While GenAI, like ChatGPT, is integral to creative work today, Episode 38 of The Ai Optimist invites a debate surrounding copyright issues and the future of creativity. This episode expands upon that conversation, exploring the impacts of AI on copyright laws, creator rights, and the essence of human creativity.

Creativity and GenAI - Are Copyrights Human-Only?

AI raises pivotal questions about copyright's nature. AI tools trained on vast datasets, including copyrighted material, generate outputs that blur the lines between original and derivative works challenges.

This scenario challenges the traditional notion that copyrights are inherently human-centric, sparking a debate on whether AI-generated content deserves its category of protection or regulation.

The Napster Moment for Creative Content

Just as Napster revolutionized the music industry, AI technologies are poised to transform creative content across mediums. The comparison highlights a potential shift in content consumption and distribution, suggesting that AI could democratize content creation while raising concerns about the devaluation of individual creativity and infringement on existing copyrights.

Napster wasn't temporarily closed due to lawsuits; Steve Jobs and iTunes settled it with licensing, and others did. That licensing model deeply hurts musicians and artists in terms of income while benefiting more prominent companies.

Is GenAI a Napster déjà vu?

Review of what we cover in each section of the Episode 38 Playlist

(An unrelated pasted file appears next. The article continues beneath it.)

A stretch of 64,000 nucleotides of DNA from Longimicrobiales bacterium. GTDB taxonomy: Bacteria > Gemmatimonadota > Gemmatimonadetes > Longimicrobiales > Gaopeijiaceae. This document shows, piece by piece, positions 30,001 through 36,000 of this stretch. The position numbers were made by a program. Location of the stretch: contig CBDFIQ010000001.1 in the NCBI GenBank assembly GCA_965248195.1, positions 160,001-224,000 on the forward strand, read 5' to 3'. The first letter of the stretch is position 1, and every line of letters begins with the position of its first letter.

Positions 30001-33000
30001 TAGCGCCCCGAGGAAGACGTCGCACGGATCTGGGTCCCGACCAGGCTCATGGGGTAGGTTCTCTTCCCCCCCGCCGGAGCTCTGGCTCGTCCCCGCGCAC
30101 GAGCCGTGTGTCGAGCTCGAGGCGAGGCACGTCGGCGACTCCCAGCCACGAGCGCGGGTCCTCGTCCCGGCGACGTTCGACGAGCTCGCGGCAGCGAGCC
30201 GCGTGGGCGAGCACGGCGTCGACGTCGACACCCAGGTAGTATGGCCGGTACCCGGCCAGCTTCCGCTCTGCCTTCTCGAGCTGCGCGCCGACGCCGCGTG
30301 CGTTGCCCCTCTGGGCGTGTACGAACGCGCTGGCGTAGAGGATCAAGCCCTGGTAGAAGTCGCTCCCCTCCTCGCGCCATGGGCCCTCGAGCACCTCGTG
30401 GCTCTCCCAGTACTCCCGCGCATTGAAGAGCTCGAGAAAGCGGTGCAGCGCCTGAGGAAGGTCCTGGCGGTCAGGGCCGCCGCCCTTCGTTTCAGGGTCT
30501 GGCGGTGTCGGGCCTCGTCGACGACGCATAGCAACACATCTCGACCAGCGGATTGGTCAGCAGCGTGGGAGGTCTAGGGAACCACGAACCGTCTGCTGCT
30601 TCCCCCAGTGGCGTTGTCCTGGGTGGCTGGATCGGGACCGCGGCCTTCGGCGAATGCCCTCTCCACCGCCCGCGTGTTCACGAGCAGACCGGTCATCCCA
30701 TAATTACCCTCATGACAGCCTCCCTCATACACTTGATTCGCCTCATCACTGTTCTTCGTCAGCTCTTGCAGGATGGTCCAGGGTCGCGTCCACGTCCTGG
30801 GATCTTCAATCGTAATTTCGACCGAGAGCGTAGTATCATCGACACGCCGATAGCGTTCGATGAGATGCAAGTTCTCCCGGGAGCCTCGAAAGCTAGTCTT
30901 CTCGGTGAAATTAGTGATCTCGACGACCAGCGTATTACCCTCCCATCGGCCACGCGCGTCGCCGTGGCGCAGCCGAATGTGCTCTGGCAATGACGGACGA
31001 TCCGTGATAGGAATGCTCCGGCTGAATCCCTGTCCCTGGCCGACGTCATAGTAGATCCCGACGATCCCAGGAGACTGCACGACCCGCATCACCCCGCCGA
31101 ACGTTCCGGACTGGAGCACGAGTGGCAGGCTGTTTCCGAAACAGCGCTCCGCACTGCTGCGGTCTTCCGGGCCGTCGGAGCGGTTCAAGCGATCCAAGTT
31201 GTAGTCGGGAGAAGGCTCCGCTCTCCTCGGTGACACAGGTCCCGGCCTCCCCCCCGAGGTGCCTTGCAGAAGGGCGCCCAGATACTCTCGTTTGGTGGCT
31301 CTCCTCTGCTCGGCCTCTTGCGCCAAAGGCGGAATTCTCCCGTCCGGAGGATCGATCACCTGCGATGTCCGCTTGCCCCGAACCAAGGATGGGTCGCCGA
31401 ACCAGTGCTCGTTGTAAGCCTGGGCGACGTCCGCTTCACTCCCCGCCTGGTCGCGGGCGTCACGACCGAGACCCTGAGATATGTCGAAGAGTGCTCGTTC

00:00 Creativity and GenAI - Copyrights human only?

As AI generation tools become more advanced each month, questions arise about the ownership and copyrights of AI-assisted creative works.

Traditionally, copyright protection is only for human-generated content. Still, the increasing involvement of AI in the creative process complicates matters.

Plotkin raises this issue, stating,

"It means we could end up engaging in creative work in this very bland kind of way that doesn't exercise our creative juices in the way that we want to."

The concern is that AI-generated content may need a more genuine human spark and ingenuity that defines true creativity.

This concern extends to the question of authorship and ownership.

As Dunn ponders,

"Did the tool create it? Did I?"

When an AI tool is involved in creating a work, it becomes unclear who the creator is and who should hold the copyright.

01:05 What happens with copyright data used to train models like ChatGPT?

AI models train on vast amounts of online data, some of which may be protected by copyright. The data training and permissions involved raise legal questions about the fair use of copyrighted material for training AI systems.

While the training process itself may be fair use, the potential for AI models to generate content that infringes on existing copyrights remains. Clear guidelines and legal frameworks are needed to protect the rights of creators.

02:00 Napster did to music. What will AI do to it?

Just as the Napster revolution disrupted the music industry, AI is poised to shake up various creative fields. Both scraped their content without permission.

Plotkin shares that lawsuits didn't stop Napster; licensing arose that defines the music industry today. He shares how Steve Jobs, with Apple iTunes, began to license volumes of music. The industry shifted and many musicians are paid far less for their content, while the big companies benefit.

The ease and accessibility of AI generation tools could lead to an explosion of content, both original and derivative, challenging traditional notions of authorship, ownership, and monetization.